Venous TOS is quite uncommon. However, the presentation of venous TOS is quite dramatic, and complications can be serious. Venous TOS occurs when a blood clot forms in the main vein draining the arm. Although some treatment questions remain unsettled, doctors treat the blood clot urgently. Following this, doctors undertake diagnosis and treatment of the underlying cause.
Your doctor will examine the thoracic outlet on each side for the presence of a pulsatile mass. This mass may prove a subclavian artery aneurysm, or a normal subclavian artery passing over a cervical rib. With or without an aneurysm, your doctor may hear a bruit in the thoracic outlet with her stethoscope. A bruit is a swooshing sound caused by turbulent arterial blood flow. Narrowing of an artery may cause blood pressure in the two arms to be different.
Because of the risk of permanent damage, your physician will always look for signs of acute arterial insufficiency, including the 5 Ps described above. Your physician will also look for signs of arterial emboli. These signs include skin ulcerations and discoloration, and splinter hemorrhages. Splinter hemorrhages are tiny emboli that travel from the damaged artery to small arteries in the fingers, causing tiny hemorrhages. Splinter hemorrhages are a sign of a proximal blood clot, usually in the arteries or heart. Their presence indicates the need for evaluation of the arteries or heart as a source of emboli. Finally, your physician will look for signs of chronic arterial insufficiency, including trophic skin changes, as described above.
Imaging tests are incredibly valuable tools in modern medicine. They are particularly valuable for a disease in a complex anatomic area like the thoracic outlet.
X-rays show excellent bone detail, but do not show soft tissue detail, and are limited to two dimensions. X-rays do not show arteries or veins. About 1% of the population has cervical ribs, but most of these people do not have arterial TOS. Even in patients with cervical ribs and arterial TOS, they have had cervical ribs their entire life, and only developed arterial TOS when they become symptomatic. X-rays thus have quite limited value in diagnosing arterial TOS and in planning treatment.
A flexible plastic catheter is inserted by a physician directly into an artery, usually in the groin. The physician advances the catheter under live x-ray (fluoroscopy) through the aorta, the main artery of the body, until it reaches the heart. At this point, the physician injects dye into the proximal aorta, after which the dye passes through the subclavian artery. As the dye passes through the arteries, x-rays create images. Direct angiography is an invasive test with a significant radiation dose. For this reason, CT angiography or MR angiography can almost always replace direct angiography.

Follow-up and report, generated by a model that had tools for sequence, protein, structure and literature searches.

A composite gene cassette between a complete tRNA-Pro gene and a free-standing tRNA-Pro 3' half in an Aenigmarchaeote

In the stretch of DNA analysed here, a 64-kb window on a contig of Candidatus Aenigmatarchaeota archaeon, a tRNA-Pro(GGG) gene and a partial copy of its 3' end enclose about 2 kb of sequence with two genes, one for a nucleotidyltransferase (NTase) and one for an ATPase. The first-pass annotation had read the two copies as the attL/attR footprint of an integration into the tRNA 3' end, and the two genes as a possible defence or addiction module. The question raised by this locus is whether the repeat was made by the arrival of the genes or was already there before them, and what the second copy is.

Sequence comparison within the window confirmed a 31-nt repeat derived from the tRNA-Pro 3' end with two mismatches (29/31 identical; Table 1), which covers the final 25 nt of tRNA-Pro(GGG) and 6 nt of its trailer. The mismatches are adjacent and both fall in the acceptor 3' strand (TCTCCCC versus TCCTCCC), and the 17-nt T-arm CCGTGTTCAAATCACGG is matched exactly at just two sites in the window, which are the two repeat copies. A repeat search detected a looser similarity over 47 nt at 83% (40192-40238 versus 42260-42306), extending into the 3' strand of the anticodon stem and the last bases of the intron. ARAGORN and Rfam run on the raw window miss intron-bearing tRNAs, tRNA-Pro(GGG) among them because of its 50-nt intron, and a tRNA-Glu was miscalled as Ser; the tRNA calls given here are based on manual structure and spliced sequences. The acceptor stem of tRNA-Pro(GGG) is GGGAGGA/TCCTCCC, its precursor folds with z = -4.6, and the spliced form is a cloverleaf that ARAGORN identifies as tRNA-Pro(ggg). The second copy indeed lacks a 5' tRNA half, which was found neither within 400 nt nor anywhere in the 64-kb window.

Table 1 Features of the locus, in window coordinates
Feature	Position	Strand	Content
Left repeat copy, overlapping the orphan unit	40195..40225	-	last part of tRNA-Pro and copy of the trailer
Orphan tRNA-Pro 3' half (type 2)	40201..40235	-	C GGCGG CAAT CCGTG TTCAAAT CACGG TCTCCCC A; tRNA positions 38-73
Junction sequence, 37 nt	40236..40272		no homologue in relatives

Ultrasound is performed without any radiation, and can demonstrate blood flow in the arteries in real time, allowing dynamic movement of the arms during the examination. However, bones create severe blind spots, limiting assessment of bony compression of arteries. Ultrasound is also quite limited for viewing fibrous bands and muscle anomalies.
CT angiography is performed by injecting contrast into a peripheral vein, without an arterial catheter. CTA is fast, and shows excellent detail of bones and arteries. CTA requires significant radiation, and is limited in the evaluation of soft tissues, including fibrous bands and muscle anomalies. In cases of pure arterial TOS, CTA is the first-line test for many vascular surgeons.
MR angiography is performed by injecting contrast into a peripheral vein, without an arterial catheter. MRA shows excellent arterial detail while eliminating most other structures, including bones. It requires no radiation. If used in conjunction with MRI, superb soft tissue detail is available. Excellent depiction of fibrous bands, muscle anomalies, bones, and the brachial plexus is possible with MRI.
This interactive media demonstrates magnetic resonance angiography (MRA) images in two different patients. One patient has a normal MRA. The other patient has compression of each subclavian artery. Note that the structures that cause this compression are not visible on MRA alone.
Treatment of Arterial TOS
Critical treatment decisions revolve around the presence or absence of a blood clot causing arterial occlusion. When present, acute arterial occlusion demands urgent treatment. When absent, surgeons can assess and treat patients with arterial TOS less urgently.